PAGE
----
root maggot fly

(Hydrophoria lancifer)

Conservation Status
root maggot fly (Hydrophoria lancifer)
Photo by Alfredo Colon
  IUCN Red List

not listed

     
  NatureServe

not listed

     
  Minnesota

not listed

     
           
           
           
           
 
Description
 
 

Hydrophoria lancifer is a small to medium-sized fly, a medium-sized to large root maggot fly. It is native to northern Europe. In the 1920s it was introduced into North America, where there are now two widely separated populations. The eastern population extends from Newfoundland and Ontario south to Pennsylvania and Iowa. The western population is mostly restricted to British Columbia, Alberta, and Washington.

Hydrophoria lancifer is hairy and grayish-brown or yellowish-brown. It resembles a house fly in appearance. It can be to 716 (4 to 11 mm) in length but is usually no more than 516 (8 mm) long.

There are two large compound eyes at the side of the head and three small simple eyes (ocelli) in a triangle at the top of the head. The compound eyes are brown and hairless. They do not meet at the top of the head in either sex. They are narrowly separated on the male, widely separated on the female. The antennae have three segments. The second segment has a longitudinal groove (suture) on top. The third segment has a short, forward-pointing bristle (arista) on the upper side. The arista is covered with long hairs (plumose).

On the upper side of the thorax there are two longitudinal rows of bristles (acrostichal bristles). The rows are close together. On each side of the thorax there are several hardened body plates (sclerites). The sclerite just above the base of the middle leg (sternopleuron) has a single bristle. The sclerite just above the base of the hind leg (hypopleuron) has no bristles. The plate between the thorax and the abdomen (scutellum) is covered with short hairs.

As with all flies, there is only one pair of wings, the hind wings being reduced to small, knob-like structures (halteres) that are used for balance in flight. The wings are mostly clear, with no dark spots, but are yellowish at the base. At the base of each wing there are two small, rounded lobes (calypters) that cover the halteres. The calypters are well-developed. The lower calypter extends distinctly beyond the upper one. The first posterior cell (R5) is has parallel sides – it is not narrowed toward the end. The second anal vein (2A) reaches the inner margin.

The legs are long, slender, and mostly dark. The fourth segment (tibia) of each leg may be yellowish or dark. There are two long bristles on the upper side of the hind tibia. The lower bristle is longer than the upper bristle.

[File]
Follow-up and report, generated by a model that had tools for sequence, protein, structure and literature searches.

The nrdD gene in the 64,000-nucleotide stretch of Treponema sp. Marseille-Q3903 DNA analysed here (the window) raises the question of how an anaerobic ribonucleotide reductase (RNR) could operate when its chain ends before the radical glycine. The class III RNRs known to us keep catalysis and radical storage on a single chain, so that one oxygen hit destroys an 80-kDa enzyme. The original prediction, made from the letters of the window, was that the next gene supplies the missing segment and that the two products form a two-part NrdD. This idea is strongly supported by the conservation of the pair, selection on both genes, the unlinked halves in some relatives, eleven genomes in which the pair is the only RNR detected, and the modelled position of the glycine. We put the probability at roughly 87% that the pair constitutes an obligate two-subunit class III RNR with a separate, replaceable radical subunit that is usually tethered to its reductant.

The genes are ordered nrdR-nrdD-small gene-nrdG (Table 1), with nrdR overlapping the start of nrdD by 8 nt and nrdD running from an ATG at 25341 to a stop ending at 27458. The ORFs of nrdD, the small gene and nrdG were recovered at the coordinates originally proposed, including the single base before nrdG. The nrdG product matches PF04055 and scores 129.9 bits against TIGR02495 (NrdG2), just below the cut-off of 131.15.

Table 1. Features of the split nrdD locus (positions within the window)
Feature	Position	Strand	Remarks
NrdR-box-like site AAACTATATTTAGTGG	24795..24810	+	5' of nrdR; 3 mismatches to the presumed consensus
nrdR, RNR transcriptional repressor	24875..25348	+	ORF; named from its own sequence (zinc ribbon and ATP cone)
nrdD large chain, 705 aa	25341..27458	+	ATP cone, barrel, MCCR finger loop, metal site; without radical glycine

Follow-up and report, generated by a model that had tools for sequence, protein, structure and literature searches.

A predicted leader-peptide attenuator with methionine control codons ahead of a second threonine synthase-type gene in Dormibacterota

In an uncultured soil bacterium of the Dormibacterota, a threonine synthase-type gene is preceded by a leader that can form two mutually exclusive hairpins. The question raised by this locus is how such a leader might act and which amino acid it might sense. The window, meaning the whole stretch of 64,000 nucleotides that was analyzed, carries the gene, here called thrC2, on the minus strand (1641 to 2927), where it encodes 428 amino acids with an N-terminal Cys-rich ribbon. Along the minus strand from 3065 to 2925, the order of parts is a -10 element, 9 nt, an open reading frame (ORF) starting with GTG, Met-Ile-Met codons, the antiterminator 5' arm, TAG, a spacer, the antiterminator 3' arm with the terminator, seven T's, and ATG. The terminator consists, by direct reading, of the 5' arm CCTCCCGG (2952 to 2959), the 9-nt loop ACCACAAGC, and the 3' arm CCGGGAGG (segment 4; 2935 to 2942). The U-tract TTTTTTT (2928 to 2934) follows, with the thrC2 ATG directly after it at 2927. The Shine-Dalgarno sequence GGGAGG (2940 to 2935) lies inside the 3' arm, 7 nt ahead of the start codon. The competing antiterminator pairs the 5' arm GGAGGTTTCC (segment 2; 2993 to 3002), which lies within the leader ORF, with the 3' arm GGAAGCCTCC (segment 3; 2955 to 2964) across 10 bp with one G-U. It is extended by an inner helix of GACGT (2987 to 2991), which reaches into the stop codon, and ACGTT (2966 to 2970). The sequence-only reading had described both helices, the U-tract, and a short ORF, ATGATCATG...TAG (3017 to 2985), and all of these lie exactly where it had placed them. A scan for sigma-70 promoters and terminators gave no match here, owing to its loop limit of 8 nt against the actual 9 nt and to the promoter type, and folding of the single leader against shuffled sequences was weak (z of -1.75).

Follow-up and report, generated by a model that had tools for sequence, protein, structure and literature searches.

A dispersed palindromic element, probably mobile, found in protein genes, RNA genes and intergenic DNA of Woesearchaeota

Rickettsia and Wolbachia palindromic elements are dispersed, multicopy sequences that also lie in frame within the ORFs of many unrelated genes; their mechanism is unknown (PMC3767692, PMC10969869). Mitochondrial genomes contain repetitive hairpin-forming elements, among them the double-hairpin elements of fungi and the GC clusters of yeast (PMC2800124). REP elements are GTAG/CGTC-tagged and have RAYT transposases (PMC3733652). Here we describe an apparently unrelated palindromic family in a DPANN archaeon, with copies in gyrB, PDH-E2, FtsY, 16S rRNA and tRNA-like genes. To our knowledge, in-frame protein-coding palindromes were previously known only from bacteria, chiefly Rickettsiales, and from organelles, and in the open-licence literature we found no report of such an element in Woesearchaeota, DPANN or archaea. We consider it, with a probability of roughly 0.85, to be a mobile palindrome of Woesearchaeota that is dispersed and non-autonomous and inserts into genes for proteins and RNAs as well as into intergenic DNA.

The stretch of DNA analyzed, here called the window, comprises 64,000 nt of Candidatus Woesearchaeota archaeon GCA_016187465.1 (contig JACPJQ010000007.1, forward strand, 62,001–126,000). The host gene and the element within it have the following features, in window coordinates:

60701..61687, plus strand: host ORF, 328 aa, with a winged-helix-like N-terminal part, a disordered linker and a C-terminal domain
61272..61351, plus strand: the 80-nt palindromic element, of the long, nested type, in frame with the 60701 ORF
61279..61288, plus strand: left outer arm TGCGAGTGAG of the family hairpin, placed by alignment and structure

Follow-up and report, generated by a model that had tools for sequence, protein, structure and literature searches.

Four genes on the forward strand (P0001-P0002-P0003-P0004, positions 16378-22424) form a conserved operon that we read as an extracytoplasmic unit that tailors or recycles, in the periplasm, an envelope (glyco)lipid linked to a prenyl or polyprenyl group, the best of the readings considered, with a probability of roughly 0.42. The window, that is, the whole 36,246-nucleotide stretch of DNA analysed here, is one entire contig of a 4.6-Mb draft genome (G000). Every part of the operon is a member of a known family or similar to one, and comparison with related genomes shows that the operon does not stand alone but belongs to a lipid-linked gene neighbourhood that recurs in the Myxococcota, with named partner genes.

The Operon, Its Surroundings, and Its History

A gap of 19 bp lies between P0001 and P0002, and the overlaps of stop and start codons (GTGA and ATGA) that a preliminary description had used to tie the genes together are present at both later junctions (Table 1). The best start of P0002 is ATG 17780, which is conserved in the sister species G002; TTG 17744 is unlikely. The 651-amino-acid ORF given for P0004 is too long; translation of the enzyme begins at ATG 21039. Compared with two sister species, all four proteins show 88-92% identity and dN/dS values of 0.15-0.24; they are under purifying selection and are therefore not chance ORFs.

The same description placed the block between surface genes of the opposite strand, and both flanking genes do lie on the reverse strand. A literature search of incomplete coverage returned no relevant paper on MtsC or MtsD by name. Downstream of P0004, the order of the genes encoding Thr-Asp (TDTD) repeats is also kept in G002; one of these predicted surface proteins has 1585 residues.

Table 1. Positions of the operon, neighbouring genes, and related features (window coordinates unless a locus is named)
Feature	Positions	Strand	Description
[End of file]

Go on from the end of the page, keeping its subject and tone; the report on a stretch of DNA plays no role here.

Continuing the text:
Size

 
 

Total Length: to 716 (4 to 11 mm)

 
     
 

Similar Species

 
     
     
 
Habitat
 
 

 

 
     
 
Biology
 
 

Season

 
 

Mid-April to late September

 
     
 

Behavior

 
 

 

 
     
 

Life Cycle

 
 

 

 
     
 

Larval Food

 
 

Animal dung

 
     
 

Adult Food

 
 

 

 
     
 
Distribution
 
 

Distribution Map

 

Sources

24, 27, 29, 30, 82.

 
  11/16/2020      
         
 

Occurrence

 
 

Uncommon in Minnesota

 
         
 
Taxonomy
 
 

Order

Diptera (gnats, mosquitoes, true flies)  
 

Suborder

Brachycera (circular-seamed flies, mouches muscoïdes, muscoid flies, short-horned flies)  
 

Infraorder

Muscomorpha  
  No Rank Eremoneura  
  No Rank Cyclorrhapha  
  Section Schizophora (muscoid flies)  
  Subsection Calyptratae (calyptrates)  
 

Superfamily

Muscoidea  
 

Family

Anthomyiidae (root-maggot flies)  
 

Subfamily

Anthomyiinae  
 

Tribe

Hydrophoriini  
 

Genus

Hydrophoria  
       
 

Synonyms

 
 

Anthomyia conica

Musca lancifer

 
       
 

Common Names

 
 

This species has no common name. The common name for the family Anthomyiidae is root maggot flies, and is applied here for convenience.

 
       

 

 

 

 

 

Glossary

Arista

A large bristle on the upper side of the third segment of the antenna of a fly.

 

Calypter

On flies: one of two small membranous lobes at the base of the forewing that covers the haltere. On mosses: A thin cap that covers and protects the capsule and operculum and drops off at maturity.

 

Halteres

In flies: a pair of knob-like structures on the thorax representing hind wings that are used for balance.

 

Ocellus

Simple eye; an eye with a single lens. Plural: ocelli.

 

Scutellum

The exoskeletal plate covering the rearward (posterior) part of the middle segment of the thorax in some insects. In Coleoptera, Hemiptera, and Homoptera, the dorsal, often triangular plate behind the pronotum and between the bases of the front wings. In Diptera, the exoskeletal plate between the abdomen and the thorax.

 

Tibia

The fourth segment of an insect leg, after the femur and before the tarsus (foot). The fifth segment of a spider leg or palp.

 

 

 

 

 

       
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Alfredo Colon
       
  root maggot fly (Hydrophoria lancifer)   root maggot fly (Hydrophoria lancifer)
       
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Alfredo Colon
8/13/2019

Location: Woodbury, MN

root maggot fly (Hydrophoria lancifer)


Alfredo Colon
8/10/2019

Location: Woodbury, MN

root maggot fly (Hydrophoria lancifer)


     
     
 
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Created: 11/16/2020

Last Updated:

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